Ethereum founder Vitalik Buterin proposes gas fees for users.Scroll Down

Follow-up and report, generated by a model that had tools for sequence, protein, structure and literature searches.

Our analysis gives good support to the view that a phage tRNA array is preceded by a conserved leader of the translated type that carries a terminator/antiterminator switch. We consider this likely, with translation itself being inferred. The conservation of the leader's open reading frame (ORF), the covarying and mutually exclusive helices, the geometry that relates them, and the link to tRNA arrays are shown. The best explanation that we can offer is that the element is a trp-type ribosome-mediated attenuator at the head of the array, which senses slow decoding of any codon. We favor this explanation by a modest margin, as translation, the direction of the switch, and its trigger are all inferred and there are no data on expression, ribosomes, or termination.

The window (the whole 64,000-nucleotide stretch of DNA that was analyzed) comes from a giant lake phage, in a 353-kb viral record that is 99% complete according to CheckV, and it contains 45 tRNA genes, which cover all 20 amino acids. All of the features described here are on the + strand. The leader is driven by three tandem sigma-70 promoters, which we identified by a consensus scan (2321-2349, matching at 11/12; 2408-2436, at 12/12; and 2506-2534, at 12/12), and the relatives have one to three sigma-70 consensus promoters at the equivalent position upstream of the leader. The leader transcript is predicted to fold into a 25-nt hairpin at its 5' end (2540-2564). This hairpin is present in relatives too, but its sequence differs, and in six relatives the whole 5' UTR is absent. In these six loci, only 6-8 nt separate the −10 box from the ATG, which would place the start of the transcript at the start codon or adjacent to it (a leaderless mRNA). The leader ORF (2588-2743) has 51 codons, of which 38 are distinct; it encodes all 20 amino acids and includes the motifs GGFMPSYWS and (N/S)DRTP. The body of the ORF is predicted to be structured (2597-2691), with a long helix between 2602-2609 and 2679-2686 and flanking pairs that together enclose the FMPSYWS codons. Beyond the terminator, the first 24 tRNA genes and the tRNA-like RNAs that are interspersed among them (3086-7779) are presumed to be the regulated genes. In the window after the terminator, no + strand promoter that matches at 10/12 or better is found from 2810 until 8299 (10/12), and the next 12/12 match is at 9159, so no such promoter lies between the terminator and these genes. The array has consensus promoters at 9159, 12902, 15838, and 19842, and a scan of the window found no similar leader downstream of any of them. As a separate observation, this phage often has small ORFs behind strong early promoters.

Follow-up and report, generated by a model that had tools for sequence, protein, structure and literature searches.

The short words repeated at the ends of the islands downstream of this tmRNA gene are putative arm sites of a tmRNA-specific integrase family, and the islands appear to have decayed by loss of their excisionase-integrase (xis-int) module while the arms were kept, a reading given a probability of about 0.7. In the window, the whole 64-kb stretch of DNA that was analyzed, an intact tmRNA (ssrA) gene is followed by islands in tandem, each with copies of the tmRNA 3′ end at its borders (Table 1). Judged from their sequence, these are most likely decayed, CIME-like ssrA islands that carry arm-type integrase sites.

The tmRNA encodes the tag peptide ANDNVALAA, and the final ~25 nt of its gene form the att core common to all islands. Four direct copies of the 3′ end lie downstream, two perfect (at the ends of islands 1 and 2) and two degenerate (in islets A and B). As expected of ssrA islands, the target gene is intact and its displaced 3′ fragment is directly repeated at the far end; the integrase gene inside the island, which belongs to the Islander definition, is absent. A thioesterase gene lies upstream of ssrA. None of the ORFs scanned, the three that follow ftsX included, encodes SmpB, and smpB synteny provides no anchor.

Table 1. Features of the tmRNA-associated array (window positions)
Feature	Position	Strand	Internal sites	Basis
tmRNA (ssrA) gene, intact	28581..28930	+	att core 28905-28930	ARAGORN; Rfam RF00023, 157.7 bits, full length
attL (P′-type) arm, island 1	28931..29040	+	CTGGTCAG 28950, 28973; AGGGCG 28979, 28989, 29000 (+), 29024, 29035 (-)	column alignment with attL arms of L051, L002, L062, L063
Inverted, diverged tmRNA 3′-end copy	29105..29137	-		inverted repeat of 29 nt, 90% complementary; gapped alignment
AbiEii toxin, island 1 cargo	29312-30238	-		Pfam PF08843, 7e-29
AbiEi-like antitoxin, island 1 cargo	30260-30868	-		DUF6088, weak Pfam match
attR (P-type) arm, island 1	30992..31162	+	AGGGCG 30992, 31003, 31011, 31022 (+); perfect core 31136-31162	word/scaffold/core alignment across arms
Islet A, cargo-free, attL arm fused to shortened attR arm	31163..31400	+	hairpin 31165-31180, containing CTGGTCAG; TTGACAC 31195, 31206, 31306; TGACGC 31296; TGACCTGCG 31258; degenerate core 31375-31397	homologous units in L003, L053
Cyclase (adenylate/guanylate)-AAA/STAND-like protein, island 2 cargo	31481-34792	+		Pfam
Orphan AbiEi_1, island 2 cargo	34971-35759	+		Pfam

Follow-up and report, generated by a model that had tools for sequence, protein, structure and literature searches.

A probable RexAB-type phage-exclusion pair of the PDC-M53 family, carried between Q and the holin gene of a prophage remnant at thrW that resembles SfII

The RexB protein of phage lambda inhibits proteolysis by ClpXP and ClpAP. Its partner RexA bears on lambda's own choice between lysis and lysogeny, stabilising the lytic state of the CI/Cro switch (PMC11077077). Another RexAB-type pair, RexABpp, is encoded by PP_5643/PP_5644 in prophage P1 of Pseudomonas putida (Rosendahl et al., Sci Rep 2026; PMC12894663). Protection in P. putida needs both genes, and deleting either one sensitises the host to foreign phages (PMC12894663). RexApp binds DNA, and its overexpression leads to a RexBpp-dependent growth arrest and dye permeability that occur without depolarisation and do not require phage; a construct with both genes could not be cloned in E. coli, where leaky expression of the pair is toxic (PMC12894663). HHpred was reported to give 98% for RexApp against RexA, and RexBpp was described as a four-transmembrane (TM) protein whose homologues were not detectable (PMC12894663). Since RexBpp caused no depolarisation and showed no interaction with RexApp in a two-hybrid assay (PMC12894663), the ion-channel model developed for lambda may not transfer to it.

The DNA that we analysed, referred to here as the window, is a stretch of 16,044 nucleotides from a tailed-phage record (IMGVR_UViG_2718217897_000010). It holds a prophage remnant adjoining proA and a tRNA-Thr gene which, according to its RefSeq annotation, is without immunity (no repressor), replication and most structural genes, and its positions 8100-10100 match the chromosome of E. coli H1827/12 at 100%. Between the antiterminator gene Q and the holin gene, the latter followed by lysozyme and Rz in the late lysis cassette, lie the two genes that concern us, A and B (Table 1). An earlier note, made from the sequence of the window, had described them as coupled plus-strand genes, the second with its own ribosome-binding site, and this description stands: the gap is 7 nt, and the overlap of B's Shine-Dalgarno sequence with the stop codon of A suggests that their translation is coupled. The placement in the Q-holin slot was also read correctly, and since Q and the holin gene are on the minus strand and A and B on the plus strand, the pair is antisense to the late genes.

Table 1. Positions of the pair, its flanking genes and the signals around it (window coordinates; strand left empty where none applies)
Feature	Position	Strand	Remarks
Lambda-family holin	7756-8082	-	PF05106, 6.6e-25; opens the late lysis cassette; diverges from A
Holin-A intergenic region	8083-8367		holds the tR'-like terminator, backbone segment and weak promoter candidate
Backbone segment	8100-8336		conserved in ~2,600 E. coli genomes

On March 8, famed cryptocurrency developer and founder of Ethereum Vitalik Buterin issued a tweet in which he stated that Ethereum wallets should charge users gas fees. The fees would be used to support software developers. The Ethereum network currently uses gas as a means to measure computational work completed either in support of smart contracts or transactions. In the network, each transaction requires a certain amount of gas in order for it to be performed. The price of gas, which is measured in Gwei, is ultimately determined by miners and is the amount of Ethereum required for a unit of gas. There is also a gas limit, which is the most a user is willing to pay for a unit of gas. Buterin is proposing that wallet developers charge 1 Gwei for each transaction made through their wallets. He also would like to see protocol changes that would make such fees easier to collect. Buterin believes that the change would increase user gas costs by about 7%, but that this would allow wallet developers to earn upwards of $2 million every year. At the same time, though, he does not want to mandate this fee. The network simply would not attempt to circumvent the fees if charged. In response to the tweet, one user noted how the Multibit Bitcoin wallet attempted to charge transaction fees but was not successful. This person also noted that the development of the wallet eventually ceased. A year ago, Buterin said that the point of creating Ethereum was to correct the fundamental flaws of Bitcoin. He went on to say that Bitcoin was much like a calculator in that it only does one thing but does it well, where Ethereum was more like a smartphone, in that it can act like a calculator but can do many other things as well. In February, the core developers of Ethereum implemented both the St. Petersburg and the Constantinople upgrades. The latter upgrade brought various improvements to the efficiency of the network. It also lowered transaction fees for certain network operations.